Minister raises concerns over attempt to reduce number of entries of historic sites country can send to UNESCO
Union Minister Meenakshi Lekhi on Wednesday said there is an attempt to reduce the number of entries of historical sites that a country can send to the UNESCO for inscription, and this may not be done given the vastness, diversity and timeline that India has to offer.
The Union minister of state for culture was speaking about India's historic places getting the UNESCO's recognition as ''world heritage sites'' and an attempt to restrict the number of entries in a year. ''There is an attempt to reduce the number of sites that can be inscribed or be sent by a country. I feel this is an occasion for me to mention from the podium that this need not be encouraged, especially considering India's vastness, and the diversity and timeline it has to offer,'' Lekhi said.
She was addressing the inaugural session of ''Vadnagar International Conference'' organised by the Gujarat government with the Archaeological Survey of India (ASI) and UNESCO as the partner organisations.
The number of sites may not be reduced, as unlike many other countries, which at one time or the other inscribed 10 or more sites in a year, India had been sending just one entry per year, she said.
''So this is one occasion where through this conversation, we can also have a conversation — maybe not this year, maybe next year — about the UNESCO itself, whether the number should be reduced or not, how to strengthen the UNESCO so that the history of mankind gets recorded,'' the Union minister said. The three-day conference organised at Mahatma Mandir in Gandhinagar aims to serve as a platform for exchange of ideas, strategies and perspective in developing Vadnagar — the hometown of Prime Minister Narendra Modi in Mehsana district — as a global heritage tourism destination.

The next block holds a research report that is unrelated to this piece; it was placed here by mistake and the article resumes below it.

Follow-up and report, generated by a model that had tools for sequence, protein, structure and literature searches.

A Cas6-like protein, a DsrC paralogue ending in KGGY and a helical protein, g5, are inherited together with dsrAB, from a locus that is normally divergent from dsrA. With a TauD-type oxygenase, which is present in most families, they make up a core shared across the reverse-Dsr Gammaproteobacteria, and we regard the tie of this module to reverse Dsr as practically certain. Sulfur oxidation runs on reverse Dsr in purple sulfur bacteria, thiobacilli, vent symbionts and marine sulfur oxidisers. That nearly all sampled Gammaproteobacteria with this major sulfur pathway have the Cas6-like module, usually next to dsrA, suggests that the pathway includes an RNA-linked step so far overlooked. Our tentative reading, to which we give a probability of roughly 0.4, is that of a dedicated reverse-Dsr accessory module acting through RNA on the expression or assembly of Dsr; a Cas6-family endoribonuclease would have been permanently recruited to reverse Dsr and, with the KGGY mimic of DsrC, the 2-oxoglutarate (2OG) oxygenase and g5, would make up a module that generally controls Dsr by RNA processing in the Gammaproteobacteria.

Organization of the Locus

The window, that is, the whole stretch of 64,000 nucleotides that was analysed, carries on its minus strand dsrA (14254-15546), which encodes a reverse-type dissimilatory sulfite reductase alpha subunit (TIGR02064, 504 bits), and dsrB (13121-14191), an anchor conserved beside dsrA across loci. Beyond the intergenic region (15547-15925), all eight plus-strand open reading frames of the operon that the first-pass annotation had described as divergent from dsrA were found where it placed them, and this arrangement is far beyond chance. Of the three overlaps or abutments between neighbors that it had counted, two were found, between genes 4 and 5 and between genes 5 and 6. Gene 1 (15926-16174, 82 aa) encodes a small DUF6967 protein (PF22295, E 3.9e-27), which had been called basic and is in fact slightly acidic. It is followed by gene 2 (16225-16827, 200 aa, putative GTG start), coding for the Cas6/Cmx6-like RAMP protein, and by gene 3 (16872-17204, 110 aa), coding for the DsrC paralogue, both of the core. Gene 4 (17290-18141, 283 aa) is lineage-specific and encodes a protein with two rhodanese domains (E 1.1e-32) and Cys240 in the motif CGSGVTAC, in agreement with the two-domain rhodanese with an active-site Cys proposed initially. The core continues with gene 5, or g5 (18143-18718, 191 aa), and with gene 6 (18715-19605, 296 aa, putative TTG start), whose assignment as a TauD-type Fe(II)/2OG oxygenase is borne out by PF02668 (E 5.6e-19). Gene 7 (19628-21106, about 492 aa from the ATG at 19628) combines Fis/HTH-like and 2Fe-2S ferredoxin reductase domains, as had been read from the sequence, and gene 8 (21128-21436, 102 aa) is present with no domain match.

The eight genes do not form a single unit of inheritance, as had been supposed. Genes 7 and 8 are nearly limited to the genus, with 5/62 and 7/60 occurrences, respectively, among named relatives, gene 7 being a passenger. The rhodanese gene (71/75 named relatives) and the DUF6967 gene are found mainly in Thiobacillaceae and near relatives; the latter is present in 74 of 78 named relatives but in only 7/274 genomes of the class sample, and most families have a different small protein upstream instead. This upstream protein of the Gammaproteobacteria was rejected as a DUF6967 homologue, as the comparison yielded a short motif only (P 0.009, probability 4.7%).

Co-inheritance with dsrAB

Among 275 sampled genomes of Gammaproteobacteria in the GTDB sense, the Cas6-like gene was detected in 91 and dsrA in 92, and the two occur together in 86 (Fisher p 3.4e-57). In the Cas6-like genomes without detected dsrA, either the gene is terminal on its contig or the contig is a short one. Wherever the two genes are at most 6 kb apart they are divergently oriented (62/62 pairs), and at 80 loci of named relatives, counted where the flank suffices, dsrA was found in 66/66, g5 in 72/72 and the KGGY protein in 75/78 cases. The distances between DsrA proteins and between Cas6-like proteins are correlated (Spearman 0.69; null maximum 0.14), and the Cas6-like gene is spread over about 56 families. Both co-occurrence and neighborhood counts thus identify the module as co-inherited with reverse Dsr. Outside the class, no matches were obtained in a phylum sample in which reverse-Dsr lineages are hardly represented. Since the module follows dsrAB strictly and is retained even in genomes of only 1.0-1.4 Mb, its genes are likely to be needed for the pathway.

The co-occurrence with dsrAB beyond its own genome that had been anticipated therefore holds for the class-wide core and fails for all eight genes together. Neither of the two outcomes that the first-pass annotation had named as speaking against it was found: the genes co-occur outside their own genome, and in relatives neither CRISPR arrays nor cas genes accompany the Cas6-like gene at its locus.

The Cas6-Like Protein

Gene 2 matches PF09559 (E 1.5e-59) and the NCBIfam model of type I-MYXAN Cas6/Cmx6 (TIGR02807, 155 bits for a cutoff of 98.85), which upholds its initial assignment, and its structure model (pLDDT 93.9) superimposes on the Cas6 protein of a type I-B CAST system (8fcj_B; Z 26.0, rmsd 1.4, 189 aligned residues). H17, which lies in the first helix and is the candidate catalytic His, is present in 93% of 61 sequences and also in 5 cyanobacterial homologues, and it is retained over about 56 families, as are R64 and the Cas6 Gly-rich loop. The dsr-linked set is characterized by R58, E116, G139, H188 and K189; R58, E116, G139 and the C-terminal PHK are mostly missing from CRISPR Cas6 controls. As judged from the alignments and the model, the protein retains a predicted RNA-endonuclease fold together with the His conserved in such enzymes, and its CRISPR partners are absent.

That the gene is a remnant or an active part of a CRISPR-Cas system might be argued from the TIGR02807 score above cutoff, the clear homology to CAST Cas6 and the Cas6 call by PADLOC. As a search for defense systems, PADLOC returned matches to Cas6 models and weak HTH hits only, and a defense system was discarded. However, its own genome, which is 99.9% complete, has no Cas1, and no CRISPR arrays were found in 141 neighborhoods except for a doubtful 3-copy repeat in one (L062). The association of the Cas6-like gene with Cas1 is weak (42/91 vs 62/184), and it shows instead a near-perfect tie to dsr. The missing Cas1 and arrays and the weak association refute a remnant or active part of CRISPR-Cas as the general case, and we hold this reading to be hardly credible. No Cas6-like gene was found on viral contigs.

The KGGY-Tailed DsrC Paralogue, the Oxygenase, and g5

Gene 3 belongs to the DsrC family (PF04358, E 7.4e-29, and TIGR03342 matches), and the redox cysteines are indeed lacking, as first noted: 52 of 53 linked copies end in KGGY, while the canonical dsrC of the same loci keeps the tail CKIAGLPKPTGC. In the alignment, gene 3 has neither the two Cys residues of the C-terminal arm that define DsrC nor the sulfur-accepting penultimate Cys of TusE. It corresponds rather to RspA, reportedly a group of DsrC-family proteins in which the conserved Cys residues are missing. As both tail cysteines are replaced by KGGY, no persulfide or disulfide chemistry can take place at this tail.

Lekhi also called for a need to standardise processes to determine the timeline of antiquity. ''Otherwise each one will give their own antiquity a different timeline, which desecrates the truthfulness of the methodology being adopted. My request (to Eric Falt, the UNESCO representative) is that we must standardise processes. If we do not standardise processes, the timeline changes,'' she said. The Union minister further called for a need to look at Indian culture through genetic findings, which can possibly yield findings that can change the previous writings.
Lekhi said she concurs with writer VS Naipaul that India is a ''wounded civilisation'', citing the history of Vadnagar, which was one of the oldest fortified towns that continued till 6th century AD. Hindu and Buddhist traditions were not two separate, but syncretist traditions, she said. ''The Dashavatar mentions the ninth avatar as Lord Buddha...Bhagwan Buddha was one of the incarnations of Bhagwan Vishnu. And is depicted all over as ancient inscriptions as the ninth avatar,'' Lekhi said.
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